Record in your Correspondence Log and follow up if no reply is received after 1 month in your own country, 2-3 months abroad. This can be done by sending a copy of the original letter with a short handwritten reminder note.
Also effective is the technique of sending a small amount of money; the recipient’s conscience will not allow him to spend the money until he has ‘earned’ it! A signed Christmas or birthday card with no additional request can also be used to jog the memory. It is often helpful to re-contact people researching family names after a few years to see if they have made further progress.
Offer to exchange or share information with relatives. Archives will appreciate copies of family trees and photographs of local families and places. Offer to pay for photocopies and mailing and insurance of materials. Discourage relatives from sending original documents or memorabilia in the mail unless it is insured. State your name and address clearly on both the envelope and the letter. Promptly thank your correspondent for their reply, even if they couldn’t help. Not only is it the right thing to do, but you never know if you will need to come back to them later.
For foreign enquiries you may acquire airmail value stamps from that country from:
- A Family History Society service.
- Any post office in that country with your own addressed reply envelope.
- The philatelic bureau in that country; however this is usually more expensive as the official envelopes tend to get taxes charged on them. The British Philatelic Bureau is at:
- Royal Mail, Tallents House
21 South Gayle Crescent
Edinburgh,Scotland EH12 9PB
Telephone 08457 641 641
- Alternatively, use IRCs (International Reply Coupons) which can be bought at post offices throughout the world and can be exchanged in the recipient’s country for one airmail stamp. Warning―especially to Canadians—this can be a very expensive option, as they cost roughly three and a half times the value of the stamp in Canada! A good technique is to save any you receive and ‘recycle’ them as the need arises, as the IRCs do not stale-date.
When replying to other researchers’ letters, a simple Descent Chart for that surname is simple to make and cheaper to reproduce and mail, than a large family tree. It will give more details about more generations on a single surname than does a one-page pedigree chart.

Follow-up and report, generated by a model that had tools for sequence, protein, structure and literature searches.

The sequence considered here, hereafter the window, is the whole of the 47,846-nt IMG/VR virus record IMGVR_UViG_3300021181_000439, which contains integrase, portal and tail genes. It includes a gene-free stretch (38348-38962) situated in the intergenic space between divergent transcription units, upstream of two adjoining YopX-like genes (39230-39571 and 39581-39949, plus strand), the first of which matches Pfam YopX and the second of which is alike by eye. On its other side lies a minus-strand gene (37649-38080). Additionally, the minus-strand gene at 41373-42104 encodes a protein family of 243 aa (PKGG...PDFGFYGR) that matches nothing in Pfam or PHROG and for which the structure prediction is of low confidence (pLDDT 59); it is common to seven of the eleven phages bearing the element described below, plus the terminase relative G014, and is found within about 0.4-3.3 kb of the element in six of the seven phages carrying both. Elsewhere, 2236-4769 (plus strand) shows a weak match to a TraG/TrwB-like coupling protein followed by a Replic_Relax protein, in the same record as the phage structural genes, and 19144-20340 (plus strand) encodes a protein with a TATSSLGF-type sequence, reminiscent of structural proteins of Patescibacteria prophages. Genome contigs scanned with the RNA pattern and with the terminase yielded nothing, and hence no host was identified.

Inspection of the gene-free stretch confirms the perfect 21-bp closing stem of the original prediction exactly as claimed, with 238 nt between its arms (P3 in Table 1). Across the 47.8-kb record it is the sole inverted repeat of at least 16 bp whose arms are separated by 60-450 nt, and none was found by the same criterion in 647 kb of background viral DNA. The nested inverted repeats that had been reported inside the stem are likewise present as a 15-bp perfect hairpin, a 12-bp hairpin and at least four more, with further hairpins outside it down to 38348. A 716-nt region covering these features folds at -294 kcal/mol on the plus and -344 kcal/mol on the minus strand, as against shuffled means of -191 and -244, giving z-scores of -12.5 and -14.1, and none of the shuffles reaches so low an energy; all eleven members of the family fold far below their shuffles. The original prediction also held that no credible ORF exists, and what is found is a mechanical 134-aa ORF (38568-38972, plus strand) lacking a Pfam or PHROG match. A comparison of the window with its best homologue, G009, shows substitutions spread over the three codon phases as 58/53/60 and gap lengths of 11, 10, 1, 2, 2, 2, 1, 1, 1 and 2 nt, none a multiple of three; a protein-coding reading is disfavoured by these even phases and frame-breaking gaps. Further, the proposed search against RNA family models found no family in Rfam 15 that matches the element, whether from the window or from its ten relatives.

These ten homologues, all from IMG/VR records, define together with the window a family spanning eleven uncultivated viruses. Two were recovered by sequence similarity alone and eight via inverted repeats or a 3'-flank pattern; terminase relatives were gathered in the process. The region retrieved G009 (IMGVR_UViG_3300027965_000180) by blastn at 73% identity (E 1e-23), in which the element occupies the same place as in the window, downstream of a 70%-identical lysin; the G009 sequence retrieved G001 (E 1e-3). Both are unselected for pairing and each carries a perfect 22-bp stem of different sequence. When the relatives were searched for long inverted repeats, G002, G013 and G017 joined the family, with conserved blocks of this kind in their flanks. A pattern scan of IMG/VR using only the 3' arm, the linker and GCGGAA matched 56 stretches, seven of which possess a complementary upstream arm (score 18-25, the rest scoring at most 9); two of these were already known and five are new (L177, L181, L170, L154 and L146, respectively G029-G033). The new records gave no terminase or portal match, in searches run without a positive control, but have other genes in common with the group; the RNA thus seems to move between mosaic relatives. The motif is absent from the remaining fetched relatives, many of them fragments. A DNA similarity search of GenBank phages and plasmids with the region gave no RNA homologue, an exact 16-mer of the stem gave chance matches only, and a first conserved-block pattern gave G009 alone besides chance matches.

With the advent of GEDCOM it is tempting to just ‘send the works’ to any contact immediately, but caution is advised. Firstly, you may never receive anything in exchange—it is wiser to give someone a ‘taste’ to encourage them to reciprocate. Secondly, until you have found out what the recipient intends to do with your data then do ration the provision of information about living people.
On a related topic, researchers are often stymied when trying to contact distant cousins by telephone if they have unlisted numbers. The following, perfectly legitimate, technique has been used successfully. Phone the operator and ask her to phone the party and find out whether s/he will accept a call from a relative regarding family history. The operator can connect you without giving out their phone number. After establishing your relationship and genuineness you can then exchange phone numbers and addresses with your new-found cousin.
Too often, now, the information you send to a potential relative ends up on someone else’s website, having passed through numerous hands until no-one knows its provenance.
Information in this Wiki page is excerpted from the online courses Methodology - Part 1: Getting Started, Methodology - Part 2: Organizing and Skillbuilding, Methodology - Part 3: More Strategies, Methodology - Part 4: Effective Searching and Recording, Methodology - Part 5: How To Prove It, and Methodology - Part 6: Professional Preparation and Practice offered by The National Institute for Genealogical Studies. To learn more about these courses or other courses available from the Institute, see our website. We can be contacted at email@example.com
We welcome updates and additions to this Wiki page.